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Clause 13 - Incidental powers

Natural Environment and Rural Communities Bill – in a Public Bill Committee at 5:15 pm on 21st June 2005.

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Photo of James Paice James Paice Shadow Minister (Environment, Food and Rural Affairs) 5:15 pm, 21st June 2005

I beg to move amendment No. 48, in clause 13, page 5, line 39, leave out from ‘that’ to ‘the’ in line 40 and insert ‘is reasonable for’.

This is an important amendment. Clause 13 has the anodyne heading ‘Incidental powers’, but then goes on to say in subsection (1):

Natural England may do anything that appears to it conducive or incidental to the discharge of its functions.”

I read that, frankly, as meaning Natural England can do virtually anything. My reason for concern is the qualification, ‘that appears to it’. In other words, as long as Natural England itself—ultimately the board—is content ‘that it appears to it’ that what it is doing is okay, then it must be okay and, therefore, in pursuit of or ‘conducive or incidental’ to the discharge of its functions.

The Minister has referred to independence several times during the debate, and the Select Committee spent a lot of time considering that issue. I support the idea that the organisation should be independent, but there must be some limits on it, because it is a corporate entity, a legal person. The Minister said a few minutes ago that it would be accountable through the Secretary of State, but I believe that it has to be accountable ultimately to the community that it serves.

I refer back to the earlier conversation about rural communities and landowners and others, because my reading of these incidental powers is that they are so wide that as long as it appears to Natural England that what it is doing is right, it can do anything, which may be to the disadvantage of someone else. Among its many functions is, as we have discussed, the enforcement of various wildlife and natural environmental protection legislation. Its functions are also to enter into management agreements and, obviously, to interpret them, to carry out research, to advise, to give grants and to do all manner of other things.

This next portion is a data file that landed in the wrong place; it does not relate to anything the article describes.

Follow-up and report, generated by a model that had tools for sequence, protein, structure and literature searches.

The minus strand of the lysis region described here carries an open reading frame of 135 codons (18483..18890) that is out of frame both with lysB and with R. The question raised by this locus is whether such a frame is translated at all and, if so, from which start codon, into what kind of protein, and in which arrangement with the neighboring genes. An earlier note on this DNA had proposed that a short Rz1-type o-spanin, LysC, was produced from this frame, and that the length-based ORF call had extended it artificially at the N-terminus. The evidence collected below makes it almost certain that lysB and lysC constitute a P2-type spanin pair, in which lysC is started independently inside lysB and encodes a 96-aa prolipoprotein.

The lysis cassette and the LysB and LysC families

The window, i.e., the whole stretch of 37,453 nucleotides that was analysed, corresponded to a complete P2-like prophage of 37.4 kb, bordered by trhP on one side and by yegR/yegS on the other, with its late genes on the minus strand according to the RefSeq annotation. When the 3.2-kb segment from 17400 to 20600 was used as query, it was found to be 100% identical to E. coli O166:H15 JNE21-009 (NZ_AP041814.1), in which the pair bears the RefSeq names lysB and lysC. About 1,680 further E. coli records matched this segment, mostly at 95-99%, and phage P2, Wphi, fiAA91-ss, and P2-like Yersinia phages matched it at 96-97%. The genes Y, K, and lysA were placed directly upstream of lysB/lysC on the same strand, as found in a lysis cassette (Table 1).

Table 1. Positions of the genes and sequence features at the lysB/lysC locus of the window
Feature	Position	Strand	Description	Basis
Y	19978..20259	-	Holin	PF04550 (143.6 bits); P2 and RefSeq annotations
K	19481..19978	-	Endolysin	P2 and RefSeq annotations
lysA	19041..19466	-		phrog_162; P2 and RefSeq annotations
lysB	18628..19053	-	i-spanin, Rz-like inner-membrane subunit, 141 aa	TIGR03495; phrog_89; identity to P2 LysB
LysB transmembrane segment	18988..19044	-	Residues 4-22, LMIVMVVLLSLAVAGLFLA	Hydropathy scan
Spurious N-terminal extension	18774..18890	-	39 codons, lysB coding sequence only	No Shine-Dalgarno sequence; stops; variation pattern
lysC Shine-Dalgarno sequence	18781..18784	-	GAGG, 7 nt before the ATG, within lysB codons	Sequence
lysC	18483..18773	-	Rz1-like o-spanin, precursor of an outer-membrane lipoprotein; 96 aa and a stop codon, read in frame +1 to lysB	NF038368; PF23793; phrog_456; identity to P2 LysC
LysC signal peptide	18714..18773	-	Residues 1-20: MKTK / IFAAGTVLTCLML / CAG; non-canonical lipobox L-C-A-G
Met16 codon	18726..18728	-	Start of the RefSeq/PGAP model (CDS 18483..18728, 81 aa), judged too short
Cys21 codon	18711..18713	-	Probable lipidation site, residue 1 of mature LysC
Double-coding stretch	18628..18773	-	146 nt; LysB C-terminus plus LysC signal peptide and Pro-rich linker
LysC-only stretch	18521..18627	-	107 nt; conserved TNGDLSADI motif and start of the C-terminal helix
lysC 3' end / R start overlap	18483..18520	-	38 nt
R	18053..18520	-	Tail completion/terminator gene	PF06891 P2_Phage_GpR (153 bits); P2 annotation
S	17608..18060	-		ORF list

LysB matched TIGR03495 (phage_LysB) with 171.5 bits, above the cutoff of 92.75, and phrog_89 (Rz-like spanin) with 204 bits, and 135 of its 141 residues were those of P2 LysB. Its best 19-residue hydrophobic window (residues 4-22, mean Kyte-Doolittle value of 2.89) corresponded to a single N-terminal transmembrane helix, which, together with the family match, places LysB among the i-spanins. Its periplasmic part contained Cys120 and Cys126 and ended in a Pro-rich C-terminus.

It occurs to me that there could be a situation in which Natural England intended in effect to force an organisation or individual to do something that they did not like and which they genuinely believed to be beyond or irrelevant to the purposes outlined in clause 2. There needs to be an opportunity for ultimate challenge. I am certainly not advocating vexatious   challenges or challenges on minor issues, but there needs to be some opportunity for someone who believes that the organisation has gone beyond reality to be able to challenge it in the courts, and I do not believe that that is possible given the phrasing of subsection (1). As I understand it, as long as Natural England could convince the court that it appeared to it that the action was conducive or incidental to the discharge of its functions, that would be all that was necessary. Whether any reasonable person would have believed that does not seem to be relevant.

It would have been easy for me simply to propose deleting subsection (1), but throughout our proceedings I have tabled amendments that are designed to address in a reasonable—I use the word advisedly—way what we are trying to achieve. In reply to an earlier debate this afternoon, the Minister said that we were trying to set up—I think that I wrote this down verbatim—“an independent body with as wide powers as we can reasonably give to it”.